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RI HEALTH

Volunteers go door-to-door to reach residents in communities vulnerable to COVID-19

Some residents of Providence’s hardest-hit ZIP codes still need convincing, while others simply need better information and access.

Mayor Jorge O. Elorza joins a canvassing effort to sign residents up for a COVID-19 vaccine appointment in the city's hardest-hit community.
Mayor Jorge O. Elorza joins a canvassing effort to sign residents up for a COVID-19 vaccine appointment in the city's hardest-hit community.City of Providence

PROVIDENCE — Given the chance to register for a COVID-19 vaccine appointment from his perch behind the front counter of his father’s fast-food joint, Hadaitullah Amini, 23, didn’t hesitate.

“I thought I’d be the last person in Rhode Island to be able to get it,” he said.

Amini, who helps run Crown Fried Chicken on Broad Street in one of Providence’s hardest-hit neighborhoods, has been patiently waiting to sign up for a vaccine. He deals with the public daily in an area where more than 18 percent of nearby residents have tested positive for COVID-19 at some point in the last year. Many of his customers do not wear face coverings — some by choice, others because they don’t have access to any.

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While state-wide eligibility largely includes those age 50 and older, and those age 16 and older with an underlying medical condition; Rhode Island has activated their high-density communities and hardest-hit ZIP codes, all adults are eligible. That includes 02907, where Amini goes to work every day.

Amini was not aware that he was eligible for the vaccine. But on Tuesday night, city and American Red Cross volunteers visited the restaurant, let him know he was eligible, and offered to sign him up on the spot.

“I was just waiting my turn before. If I knew that I was able to sign up, I would have already done so. But there’s so much information and it’s hard to stay in the know,” Amini told a Globe reporter. “I don’t have time to keep checking all these websites.”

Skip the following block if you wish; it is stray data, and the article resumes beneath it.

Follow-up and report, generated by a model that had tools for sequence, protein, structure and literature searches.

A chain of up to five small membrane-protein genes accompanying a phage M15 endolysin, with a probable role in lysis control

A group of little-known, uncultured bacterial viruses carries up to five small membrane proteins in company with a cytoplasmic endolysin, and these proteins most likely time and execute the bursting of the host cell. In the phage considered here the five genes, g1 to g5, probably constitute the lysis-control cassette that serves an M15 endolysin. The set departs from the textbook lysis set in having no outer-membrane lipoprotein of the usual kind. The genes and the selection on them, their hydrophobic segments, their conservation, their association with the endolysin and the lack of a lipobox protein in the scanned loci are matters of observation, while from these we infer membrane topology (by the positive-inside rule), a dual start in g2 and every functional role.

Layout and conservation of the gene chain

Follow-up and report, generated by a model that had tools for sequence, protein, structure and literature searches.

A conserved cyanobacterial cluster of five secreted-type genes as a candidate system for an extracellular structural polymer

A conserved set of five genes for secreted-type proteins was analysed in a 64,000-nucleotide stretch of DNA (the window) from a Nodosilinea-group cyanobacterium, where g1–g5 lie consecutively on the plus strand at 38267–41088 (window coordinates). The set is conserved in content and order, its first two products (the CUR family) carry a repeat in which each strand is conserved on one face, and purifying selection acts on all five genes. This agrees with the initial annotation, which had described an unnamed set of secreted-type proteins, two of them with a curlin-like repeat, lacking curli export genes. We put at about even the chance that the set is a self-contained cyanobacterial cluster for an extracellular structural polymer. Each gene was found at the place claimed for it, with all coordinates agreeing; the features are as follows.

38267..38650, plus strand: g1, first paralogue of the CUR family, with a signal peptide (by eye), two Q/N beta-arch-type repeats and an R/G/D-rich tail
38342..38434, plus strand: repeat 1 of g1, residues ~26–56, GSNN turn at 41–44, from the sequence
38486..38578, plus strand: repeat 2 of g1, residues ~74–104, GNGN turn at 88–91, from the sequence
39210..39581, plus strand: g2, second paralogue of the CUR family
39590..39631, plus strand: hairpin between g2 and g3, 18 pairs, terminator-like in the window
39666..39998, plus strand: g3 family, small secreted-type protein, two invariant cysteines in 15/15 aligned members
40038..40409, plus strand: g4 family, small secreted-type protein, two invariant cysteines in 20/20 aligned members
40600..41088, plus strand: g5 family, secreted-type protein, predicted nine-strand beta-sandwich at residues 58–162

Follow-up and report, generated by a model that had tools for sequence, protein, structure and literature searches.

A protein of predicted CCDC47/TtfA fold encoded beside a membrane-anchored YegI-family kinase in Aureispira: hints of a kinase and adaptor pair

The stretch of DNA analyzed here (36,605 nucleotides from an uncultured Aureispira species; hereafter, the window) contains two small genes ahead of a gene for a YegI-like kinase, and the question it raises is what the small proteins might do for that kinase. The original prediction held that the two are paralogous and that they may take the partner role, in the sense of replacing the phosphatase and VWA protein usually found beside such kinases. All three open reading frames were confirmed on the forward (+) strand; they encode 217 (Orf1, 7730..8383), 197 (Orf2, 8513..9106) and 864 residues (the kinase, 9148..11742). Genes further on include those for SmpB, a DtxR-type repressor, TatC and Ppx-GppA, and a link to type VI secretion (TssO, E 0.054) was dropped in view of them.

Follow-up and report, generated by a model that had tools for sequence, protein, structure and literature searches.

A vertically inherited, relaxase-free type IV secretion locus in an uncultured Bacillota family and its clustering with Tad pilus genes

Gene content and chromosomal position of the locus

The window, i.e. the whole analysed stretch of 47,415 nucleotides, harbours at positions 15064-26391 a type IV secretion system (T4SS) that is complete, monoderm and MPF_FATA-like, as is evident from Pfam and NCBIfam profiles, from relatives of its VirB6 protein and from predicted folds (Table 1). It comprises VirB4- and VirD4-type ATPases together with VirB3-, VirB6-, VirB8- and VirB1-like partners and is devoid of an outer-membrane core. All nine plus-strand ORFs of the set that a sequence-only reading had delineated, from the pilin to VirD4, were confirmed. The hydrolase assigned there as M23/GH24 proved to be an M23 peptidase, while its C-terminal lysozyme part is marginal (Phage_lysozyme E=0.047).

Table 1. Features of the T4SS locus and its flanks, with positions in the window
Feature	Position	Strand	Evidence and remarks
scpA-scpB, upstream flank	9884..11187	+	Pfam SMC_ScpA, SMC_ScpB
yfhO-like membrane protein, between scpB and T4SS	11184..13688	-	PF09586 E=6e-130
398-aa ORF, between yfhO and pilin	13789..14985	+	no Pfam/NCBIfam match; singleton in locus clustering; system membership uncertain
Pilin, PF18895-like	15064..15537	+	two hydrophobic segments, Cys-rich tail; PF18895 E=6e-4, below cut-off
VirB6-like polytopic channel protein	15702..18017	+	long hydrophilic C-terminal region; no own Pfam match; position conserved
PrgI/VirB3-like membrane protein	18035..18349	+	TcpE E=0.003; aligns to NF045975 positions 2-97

He added, “Now that I’m signed up, that’s great. But it’s only because they came to me. Shouldn’t this be easier?”

There has been 1,452 COVID-19 hospitalizations per 100,000 people in the past year in ZIP code 02907 -- the second highest rate in the state. It’s residents and people who work there are largely people of color: Out of an estimated population of 27,445 people, nearly 59 percent are Latino and more than 18 percent are Black.

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Multi-generational homes abound, and more than 85 percent of the community’s children are eligible for free or reduced lunch. The area is dense, with nearly 12,500 people per square mile, the median household income is $27,573 per year, and most people living and working in the community don’t have the luxury to work from home or take time out of their day to navigate glitchy websites and questionnaires. Some don’t have access to WiFi, a cell phone, or reliable transportation.

Many of the “traditional” forms of outreach, such as social media posts and updates on government-run websites, miss these populations — potentially leaving them behind in the vaccine rollout.

“We all want to get to the other side. That means we all have to be part of the solution,” Mayor Jorge O. Elorza told the Globe. “And if people in our community are not getting the vaccine even though they want them, then we have to figure out how we’re going to reach them.”